“Coming out is a lifelong process, so be kind and gentle with yourself. I came out to my best friend Justin at the age of 16, came out to my parents at 27 and finally came out to my extended family in India at the age of 36. It took me decades to speak my truth loud enough so others could hear it. Now, I roar. But my process took time, patience, courage and loads of support along the way. So be good to you. Be gentle with you. You deserve it, and you are worth it.” – Marie Varghese, ’03

My name is Marie Varghese (she/her; they/them), and I am a desi diasporic queer femme who was born and raised along the borderlands of the George Washington Bridge. I trace my roots across homelands that stretch from Manhattan skylines to New Jersey suburbs and mango trees that grow in Kerala, India. I come from a long lineage of storytellers and my creative writing explores the contours of immigrant family life, queer (in)visibility, grief and resilience.

I am a proud alumna of Livingston College and graduated in 2003 with a degree in Political Science. One of the most memorable moments I had at Rutgers was during my time as a Resident Mentor on Livingston campus. Every year the Residence Life staff on Livingston hosted an annual summer retreat in the Poconos to train new and continuing Resident Assistants and Resident Mentors. In my sophomore year (2001), the leadership team at Res Life decided to include an LGBTQ sensitivity training. It was during that session that I first came out in a public setting as a queer desi femme to the entire staff.

That weekend was filled with courageous and life-changing conversations about sexual orientation and gender expression. Group conversations turned into one-on-ones talks with other Res Life staff throughout the academic year. I quickly discovered that some of my fellow staff members were in the process of coming out themselves, while other peers struggled with the idea of being an ally/accomplice. It was a challenging and invigorating time, as we shared our wounds and hopes and created brave space together. By coming out publicly, I also became an informal resource on Livingston campus, helping fellow Res Life staff and students with the coming out process. The lessons I learned during my years at Livingston in Residence Life are imprinted in my heart, memory and spirit, and laid a strong foundation for the current work I do supporting LGBTQIA+ students in higher education.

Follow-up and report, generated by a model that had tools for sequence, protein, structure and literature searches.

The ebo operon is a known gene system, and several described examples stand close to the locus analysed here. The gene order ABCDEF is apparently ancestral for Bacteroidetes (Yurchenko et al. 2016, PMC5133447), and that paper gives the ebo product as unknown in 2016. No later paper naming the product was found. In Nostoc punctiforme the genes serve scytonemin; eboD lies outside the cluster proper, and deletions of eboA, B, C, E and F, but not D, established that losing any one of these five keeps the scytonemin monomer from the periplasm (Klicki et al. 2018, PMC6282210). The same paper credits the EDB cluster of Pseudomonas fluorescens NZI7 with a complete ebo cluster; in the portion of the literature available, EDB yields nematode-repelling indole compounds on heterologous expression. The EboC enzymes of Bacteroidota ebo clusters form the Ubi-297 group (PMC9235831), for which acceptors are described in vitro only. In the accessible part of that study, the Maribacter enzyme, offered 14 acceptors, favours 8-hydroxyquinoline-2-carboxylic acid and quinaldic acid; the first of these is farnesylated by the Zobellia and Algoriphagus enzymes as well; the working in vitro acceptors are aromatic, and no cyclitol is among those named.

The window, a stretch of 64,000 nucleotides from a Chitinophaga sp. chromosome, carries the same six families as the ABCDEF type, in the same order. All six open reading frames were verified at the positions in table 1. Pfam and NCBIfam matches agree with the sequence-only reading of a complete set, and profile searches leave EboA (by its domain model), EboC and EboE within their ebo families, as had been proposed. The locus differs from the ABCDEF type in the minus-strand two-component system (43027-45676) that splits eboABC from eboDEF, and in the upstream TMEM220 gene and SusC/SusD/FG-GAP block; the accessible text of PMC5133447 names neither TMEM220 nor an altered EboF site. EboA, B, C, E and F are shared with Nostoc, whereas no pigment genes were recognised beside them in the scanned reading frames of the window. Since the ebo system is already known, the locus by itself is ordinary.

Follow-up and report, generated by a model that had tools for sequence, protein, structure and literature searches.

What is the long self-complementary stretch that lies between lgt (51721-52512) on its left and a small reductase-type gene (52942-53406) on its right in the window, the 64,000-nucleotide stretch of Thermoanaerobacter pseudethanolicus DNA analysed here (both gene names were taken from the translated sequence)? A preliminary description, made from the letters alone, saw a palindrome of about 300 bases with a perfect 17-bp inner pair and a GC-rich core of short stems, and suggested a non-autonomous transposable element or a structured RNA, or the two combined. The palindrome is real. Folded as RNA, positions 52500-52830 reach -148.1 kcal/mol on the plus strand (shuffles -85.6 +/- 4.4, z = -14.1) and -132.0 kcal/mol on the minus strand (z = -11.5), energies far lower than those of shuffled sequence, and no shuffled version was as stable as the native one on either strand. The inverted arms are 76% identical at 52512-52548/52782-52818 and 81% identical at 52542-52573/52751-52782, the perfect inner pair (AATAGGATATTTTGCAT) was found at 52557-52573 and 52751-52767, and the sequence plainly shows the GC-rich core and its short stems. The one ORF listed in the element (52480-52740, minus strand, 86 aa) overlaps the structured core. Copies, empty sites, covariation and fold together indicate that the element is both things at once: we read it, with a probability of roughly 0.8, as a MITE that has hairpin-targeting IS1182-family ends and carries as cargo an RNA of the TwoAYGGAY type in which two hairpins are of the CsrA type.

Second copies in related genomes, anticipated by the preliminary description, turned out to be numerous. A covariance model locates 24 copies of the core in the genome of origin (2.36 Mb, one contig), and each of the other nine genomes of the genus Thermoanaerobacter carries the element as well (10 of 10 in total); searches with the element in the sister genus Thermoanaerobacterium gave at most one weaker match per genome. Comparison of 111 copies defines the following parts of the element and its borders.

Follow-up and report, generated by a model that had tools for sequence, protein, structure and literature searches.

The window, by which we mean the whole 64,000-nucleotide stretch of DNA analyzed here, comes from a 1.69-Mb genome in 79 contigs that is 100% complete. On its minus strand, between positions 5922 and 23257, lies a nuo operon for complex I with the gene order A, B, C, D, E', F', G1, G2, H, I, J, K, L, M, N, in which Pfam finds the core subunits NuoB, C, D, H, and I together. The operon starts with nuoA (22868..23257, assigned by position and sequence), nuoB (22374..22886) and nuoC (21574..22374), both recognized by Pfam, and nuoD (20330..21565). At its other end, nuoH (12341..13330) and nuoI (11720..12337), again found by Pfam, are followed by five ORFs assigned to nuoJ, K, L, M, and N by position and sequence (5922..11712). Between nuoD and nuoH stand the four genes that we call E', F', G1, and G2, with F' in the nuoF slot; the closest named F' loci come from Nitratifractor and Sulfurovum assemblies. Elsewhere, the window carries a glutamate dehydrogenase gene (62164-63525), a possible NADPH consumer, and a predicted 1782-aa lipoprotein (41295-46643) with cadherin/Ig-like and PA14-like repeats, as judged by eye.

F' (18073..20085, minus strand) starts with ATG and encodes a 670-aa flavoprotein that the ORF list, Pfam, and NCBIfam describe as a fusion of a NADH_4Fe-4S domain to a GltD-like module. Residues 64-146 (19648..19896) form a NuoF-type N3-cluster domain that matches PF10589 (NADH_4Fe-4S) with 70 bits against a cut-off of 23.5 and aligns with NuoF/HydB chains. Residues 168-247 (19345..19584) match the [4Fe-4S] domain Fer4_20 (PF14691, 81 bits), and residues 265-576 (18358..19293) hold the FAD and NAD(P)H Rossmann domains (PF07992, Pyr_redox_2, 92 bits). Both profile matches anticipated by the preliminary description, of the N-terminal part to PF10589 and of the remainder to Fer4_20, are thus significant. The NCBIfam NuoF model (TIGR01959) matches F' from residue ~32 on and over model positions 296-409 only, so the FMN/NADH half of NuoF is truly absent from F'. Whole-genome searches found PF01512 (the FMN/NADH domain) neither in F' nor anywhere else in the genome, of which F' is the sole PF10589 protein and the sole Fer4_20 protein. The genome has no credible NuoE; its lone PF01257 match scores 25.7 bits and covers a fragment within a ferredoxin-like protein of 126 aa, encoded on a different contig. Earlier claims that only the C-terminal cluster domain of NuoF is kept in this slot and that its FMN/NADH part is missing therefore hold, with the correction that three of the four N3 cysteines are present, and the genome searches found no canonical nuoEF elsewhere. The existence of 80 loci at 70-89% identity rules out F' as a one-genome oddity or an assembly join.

When I graduated from Rutgers in 2003, I received the Lionel Cuffie Award for Activism and Excellence from The Office of Diverse Community Affairs and LGBT Concerns. It was an incredible honor to receive this award from Director Cheryl Clarke and my fellow comrade, and President of LLEGO at the time, Claudia Sofía Garriga-López. This is also an emotionally exhausting time, however, as I was terrified that the news would get back to my parents in Teaneck, NJ. I grew up in a very tight-knit, conservative and homophobic Malayalee Indian community, and at that time I had very few queer desi role models to look up to.

Imagine my shock and fear when my local hometown newspaper, The Suburbanite, wanted to feature a story about me receiving the Lionel Cuffie award! I had to track down the editors of the newspapers and, in a panic, I asked them not to publish the story. It was already going to press so they worked quickly with me to “modify” the language in the article to talk about my activism within the LGBTQ community without actually writing the words, “Marie is gay.”

Then, during Rainbow Graduation at Rutgers, I was gifted with a rainbow tassel. At the time, my mother had no idea that the rainbow had anything to do with the LGBTQIA+ community and when she asked me about it on graduation day, I told her I got a rainbow tassel because “I was special.” Recently, I finally had the courage to tell my mom the truth about my rainbow tassel and had a good laugh with her and my wife about it. Well, my mom didn’t laugh much – but I did! I still have my rainbow tassel even today, fifteen years after I graduated from Rutgers. My coming out process has been a circuitous journey that has led me to love and embrace all my identities as a queer femme cis-woman with hidden disabilities, a radical auntie, a wife, a writer and educator.

After obtaining my master’s degree at Columbia University, I became a college advisor at a high school in the South Bronx that serves newly arrived immigrants to the United States. Currently, I am the Senior Advisor and Campus Trainer for the CUNY Start program at Bronx Community College. I am also a member of the Consortium of Higher Education Lesbian Gay Bisexual Transgender Resource Professionals. I am passionate about expanding college access for communities of color, first-generation students, LGBTQIA+ folks, recent immigrants and undocumented students.